We are now standing at the precipice of innovation and actual revitalisation, which ultimately is the true meaning of a renaissance. Distilleries are innovating with their liquid and their processes, double distilled pot still whiskey is being made in Northern Ireland, stout’s being distilled into spirit in the midlands, and even Irish malted oats are weaselling their way into mashbills around the island. Bottlers are creating premium blends using 25-year-old malts, sourcing their own Irish oak, making peated whiskeys with barrels, rather than the grain. The old normative idea of what Irish whiskey should be, is being thrown out with the bathwater. Producers are utilising everything in their arsenal to show the world just what this little country has to offer in the world of brown spirits.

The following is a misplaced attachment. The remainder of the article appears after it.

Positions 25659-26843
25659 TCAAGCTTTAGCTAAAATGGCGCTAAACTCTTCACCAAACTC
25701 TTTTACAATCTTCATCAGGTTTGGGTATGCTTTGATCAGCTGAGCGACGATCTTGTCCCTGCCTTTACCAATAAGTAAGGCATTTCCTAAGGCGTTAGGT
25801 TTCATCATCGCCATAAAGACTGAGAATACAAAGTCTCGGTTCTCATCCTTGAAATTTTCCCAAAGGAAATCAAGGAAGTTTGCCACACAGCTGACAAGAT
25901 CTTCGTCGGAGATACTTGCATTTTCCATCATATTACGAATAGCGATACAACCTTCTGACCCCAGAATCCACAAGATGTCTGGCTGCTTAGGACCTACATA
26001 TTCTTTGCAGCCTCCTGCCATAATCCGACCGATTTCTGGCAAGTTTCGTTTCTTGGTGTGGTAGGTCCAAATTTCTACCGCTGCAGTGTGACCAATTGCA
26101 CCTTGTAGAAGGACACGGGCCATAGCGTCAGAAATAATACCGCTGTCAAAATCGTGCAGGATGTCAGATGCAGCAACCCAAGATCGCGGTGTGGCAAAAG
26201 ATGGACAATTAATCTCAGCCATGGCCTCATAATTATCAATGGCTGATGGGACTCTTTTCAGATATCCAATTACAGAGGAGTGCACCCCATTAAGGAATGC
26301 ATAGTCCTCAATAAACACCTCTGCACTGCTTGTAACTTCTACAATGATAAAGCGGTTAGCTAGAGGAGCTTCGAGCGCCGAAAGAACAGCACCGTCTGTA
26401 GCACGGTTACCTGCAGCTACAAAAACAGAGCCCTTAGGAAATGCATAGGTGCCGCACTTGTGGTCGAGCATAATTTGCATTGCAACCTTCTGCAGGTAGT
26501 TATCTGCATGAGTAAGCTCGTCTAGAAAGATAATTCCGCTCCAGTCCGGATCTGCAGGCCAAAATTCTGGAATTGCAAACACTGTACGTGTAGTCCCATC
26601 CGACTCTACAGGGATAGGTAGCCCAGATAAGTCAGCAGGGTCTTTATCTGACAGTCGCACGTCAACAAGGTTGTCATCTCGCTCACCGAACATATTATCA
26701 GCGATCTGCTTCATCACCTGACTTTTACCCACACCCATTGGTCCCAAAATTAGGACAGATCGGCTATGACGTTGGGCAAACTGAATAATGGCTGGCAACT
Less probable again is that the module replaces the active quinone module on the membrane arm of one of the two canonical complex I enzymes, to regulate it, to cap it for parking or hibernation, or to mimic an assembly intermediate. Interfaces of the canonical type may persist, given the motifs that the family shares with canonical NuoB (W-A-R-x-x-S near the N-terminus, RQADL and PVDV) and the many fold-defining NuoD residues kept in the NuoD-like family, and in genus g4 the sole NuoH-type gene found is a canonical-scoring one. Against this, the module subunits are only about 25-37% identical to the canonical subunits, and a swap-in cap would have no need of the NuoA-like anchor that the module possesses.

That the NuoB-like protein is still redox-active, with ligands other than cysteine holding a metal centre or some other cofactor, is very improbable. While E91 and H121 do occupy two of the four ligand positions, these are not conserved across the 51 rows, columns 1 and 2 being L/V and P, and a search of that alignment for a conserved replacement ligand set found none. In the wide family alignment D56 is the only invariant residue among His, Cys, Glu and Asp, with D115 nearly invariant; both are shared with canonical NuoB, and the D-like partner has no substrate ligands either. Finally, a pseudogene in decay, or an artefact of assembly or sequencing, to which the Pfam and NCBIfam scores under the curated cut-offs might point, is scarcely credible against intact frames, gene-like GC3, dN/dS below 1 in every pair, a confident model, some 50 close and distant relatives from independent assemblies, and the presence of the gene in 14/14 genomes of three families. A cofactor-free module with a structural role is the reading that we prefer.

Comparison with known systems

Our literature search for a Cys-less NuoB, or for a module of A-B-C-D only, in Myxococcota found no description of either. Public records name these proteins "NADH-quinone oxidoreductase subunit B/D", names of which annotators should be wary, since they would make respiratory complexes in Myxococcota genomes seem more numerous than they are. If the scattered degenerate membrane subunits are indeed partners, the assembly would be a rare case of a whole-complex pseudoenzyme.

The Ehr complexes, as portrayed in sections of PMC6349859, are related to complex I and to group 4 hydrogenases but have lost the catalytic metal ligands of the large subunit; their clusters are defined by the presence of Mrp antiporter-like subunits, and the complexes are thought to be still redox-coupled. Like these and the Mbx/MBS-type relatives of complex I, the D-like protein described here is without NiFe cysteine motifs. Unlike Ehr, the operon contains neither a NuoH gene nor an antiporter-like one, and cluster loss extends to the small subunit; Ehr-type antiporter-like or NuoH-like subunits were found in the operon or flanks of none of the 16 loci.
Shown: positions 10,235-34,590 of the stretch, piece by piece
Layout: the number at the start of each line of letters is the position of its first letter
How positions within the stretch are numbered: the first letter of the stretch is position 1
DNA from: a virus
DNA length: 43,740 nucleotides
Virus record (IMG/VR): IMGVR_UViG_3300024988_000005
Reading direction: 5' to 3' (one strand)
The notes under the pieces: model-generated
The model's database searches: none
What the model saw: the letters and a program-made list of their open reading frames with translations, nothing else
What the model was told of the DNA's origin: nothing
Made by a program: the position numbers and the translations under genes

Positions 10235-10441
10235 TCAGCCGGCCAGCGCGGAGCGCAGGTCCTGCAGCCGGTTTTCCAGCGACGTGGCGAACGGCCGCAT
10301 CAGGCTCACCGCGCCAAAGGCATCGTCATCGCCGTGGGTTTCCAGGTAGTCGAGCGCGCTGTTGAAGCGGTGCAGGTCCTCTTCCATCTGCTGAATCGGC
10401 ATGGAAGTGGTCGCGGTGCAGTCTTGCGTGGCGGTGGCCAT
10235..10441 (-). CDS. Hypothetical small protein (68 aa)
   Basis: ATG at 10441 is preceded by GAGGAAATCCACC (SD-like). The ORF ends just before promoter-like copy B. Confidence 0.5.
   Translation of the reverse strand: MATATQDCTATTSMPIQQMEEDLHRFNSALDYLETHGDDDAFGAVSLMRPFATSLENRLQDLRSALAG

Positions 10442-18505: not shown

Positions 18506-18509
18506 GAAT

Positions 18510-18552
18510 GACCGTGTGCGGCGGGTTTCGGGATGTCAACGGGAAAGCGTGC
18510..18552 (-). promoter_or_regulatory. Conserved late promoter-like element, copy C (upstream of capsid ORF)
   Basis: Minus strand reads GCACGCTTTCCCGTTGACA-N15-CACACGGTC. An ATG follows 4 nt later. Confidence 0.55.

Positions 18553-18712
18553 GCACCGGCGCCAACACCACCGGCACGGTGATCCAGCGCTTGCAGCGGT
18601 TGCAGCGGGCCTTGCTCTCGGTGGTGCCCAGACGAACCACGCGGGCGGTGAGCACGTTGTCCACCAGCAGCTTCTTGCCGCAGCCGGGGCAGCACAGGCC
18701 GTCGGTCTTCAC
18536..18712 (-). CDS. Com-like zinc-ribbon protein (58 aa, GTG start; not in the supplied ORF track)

We now find ourselves in an incredibly exciting time in the industry. I guarantee that the Irish whiskey landscape will be utterly unrecognisable in two years time. While the industry is due for some change, I personally believe that the days of international acquisitions are coming to a polite pause. There’s realistically only one multinational and one whiskey venture that are likely to consider joining forces, although you’ll have to ask my opinion on that one over a taoscán sometime as it’s not a discussion for today. What I do think we will see is a burgeoning explosion of confidence from the indie/craft producers segment. Stills are coming alive, barrels are being laid and sales are starting to climb. With so much more control over their own destiny these craft producers are going to have the freedom to spread their wings and make liquid statements that really set them apart from the crowd.